[2] Sourcebook: The Ancient Greek Hero in 24 Hours Sourcebook of Original Greek Texts Translated into English, Gregory Nagy, General Editor.

[3] Nagy, Gregory. “Helen of Sparta and her very own Eidolon.” Classical Inquiries. May 2, 2016

[4] Nagy. Gregory. “Eight glimpses of Marathon in Scroll 1 of Pausanias.” Classical Inquiries. July 14, 2016

The following work was not consulted, but is noted here as it might be of interest to those who wish to read further:
Ebbott, M. 1999. “The Wrath of Helen: Self-Blame and Nemesis in the Iliad.” In Nine Essays on Homer, ed. M. Carlisle and O. Levaniouk, 3–20. Lanham. Cited in Bonafazi, Anna. “Helen’s mixed feelings for Alexander in Iliad 3: the cognitive, pragmatic, and emotional significance of third-person pronouns.” Classical Inquiries. May 2, 2016.

Image credits

Getty Museum (photo): Pierre-Paul Prud’hon (French, 1758–1823) Justice and Divine Vengeance Pursuing Crime, oil on canvas circa 1805–1806, The J. Paul Getty Museum, Los Angeles, Getty Open Content
Zde (photo): Goddess Nemesis. A miniaturized Roman replica of the cult statue of Nemesis, fashioned by Agorakritos for the city of Rhamnous in Attica in the 5th century BCE. Work a Roman copyist from the 1st–2nd century CE. NG Prague, Kinský Palace, NG P 5520. Creative Commons CC BY-SA 3.0, via Wikimedia Commons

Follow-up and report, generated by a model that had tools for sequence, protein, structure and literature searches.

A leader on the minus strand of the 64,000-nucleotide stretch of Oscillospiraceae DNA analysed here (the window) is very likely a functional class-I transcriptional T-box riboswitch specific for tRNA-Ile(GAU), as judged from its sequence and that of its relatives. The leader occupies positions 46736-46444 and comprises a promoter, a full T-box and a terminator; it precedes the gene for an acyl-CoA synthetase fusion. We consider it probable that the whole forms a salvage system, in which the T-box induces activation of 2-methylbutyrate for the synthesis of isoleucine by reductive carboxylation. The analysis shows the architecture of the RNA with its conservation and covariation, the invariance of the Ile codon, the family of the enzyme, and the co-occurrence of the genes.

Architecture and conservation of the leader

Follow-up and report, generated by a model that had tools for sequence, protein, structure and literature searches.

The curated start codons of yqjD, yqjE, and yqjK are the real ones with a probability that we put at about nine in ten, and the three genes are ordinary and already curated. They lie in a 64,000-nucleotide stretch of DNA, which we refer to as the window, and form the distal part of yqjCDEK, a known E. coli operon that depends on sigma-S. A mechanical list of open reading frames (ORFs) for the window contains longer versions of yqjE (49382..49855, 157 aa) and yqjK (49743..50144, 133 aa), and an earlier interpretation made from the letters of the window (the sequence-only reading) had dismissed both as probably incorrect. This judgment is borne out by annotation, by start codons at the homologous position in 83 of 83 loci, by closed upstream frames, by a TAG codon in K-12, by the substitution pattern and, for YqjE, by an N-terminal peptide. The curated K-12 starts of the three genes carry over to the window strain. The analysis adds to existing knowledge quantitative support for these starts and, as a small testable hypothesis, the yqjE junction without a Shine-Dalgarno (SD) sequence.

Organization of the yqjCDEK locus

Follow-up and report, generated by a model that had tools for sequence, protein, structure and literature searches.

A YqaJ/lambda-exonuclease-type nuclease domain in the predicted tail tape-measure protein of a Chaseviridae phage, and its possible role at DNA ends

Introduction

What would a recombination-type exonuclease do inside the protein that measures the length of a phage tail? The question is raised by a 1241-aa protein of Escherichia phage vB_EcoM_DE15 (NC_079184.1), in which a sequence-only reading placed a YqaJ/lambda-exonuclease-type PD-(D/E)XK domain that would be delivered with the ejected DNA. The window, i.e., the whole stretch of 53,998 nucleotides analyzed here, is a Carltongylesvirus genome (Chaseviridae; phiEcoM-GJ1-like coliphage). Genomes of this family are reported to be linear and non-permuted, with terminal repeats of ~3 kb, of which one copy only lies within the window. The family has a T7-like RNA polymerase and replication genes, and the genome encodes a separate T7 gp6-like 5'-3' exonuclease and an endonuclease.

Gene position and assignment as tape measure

Albrecht Dürer (Germany, Nuremberg, 1471-1528) Nemesis, Germany, circa 1501–1502, public domain via LACMA
Marie-Lan Nguyen (2010, photo): Nemesis, statue dedicated by Ptollanubis. Marble, found in Egypt, 2nd century CE. Louvre Ma 4873 (MNE 798), public domain via Wikimedia Commons
Brooklyn Museum (photo): Statuette of Nemesis in Form of Female Griffin with Wings, glazed faience, Egyptian 2nd century CE, Brooklyn Museum 53.173  Creative Commons-BY

Note: Images have been selected from pictures that are freely available with open source or Creative Commons licenses or from photographs sent in by community members for the purpose. The images in this post are intended to suggest the subject, rather than illustrate exactly—as such, they may be from other periods, subjects, or cultures. Attributions are based where possible by those shown by museums, or on Wikimedia Commons, at the time of publication on this website.


Sarah Scott has a degree in Language from the University of York, and has worked as an editor, technical author, and documentation manager. She is Associate Producer for the HeroesX project, and one of the Executive Editors of the HeroesX Sourcebook. She is an active participant and member of the editorial team in Kosmos Society, with a particular interest in content development, document management, word studies, language learning, comparative linguistics, and digital humanities.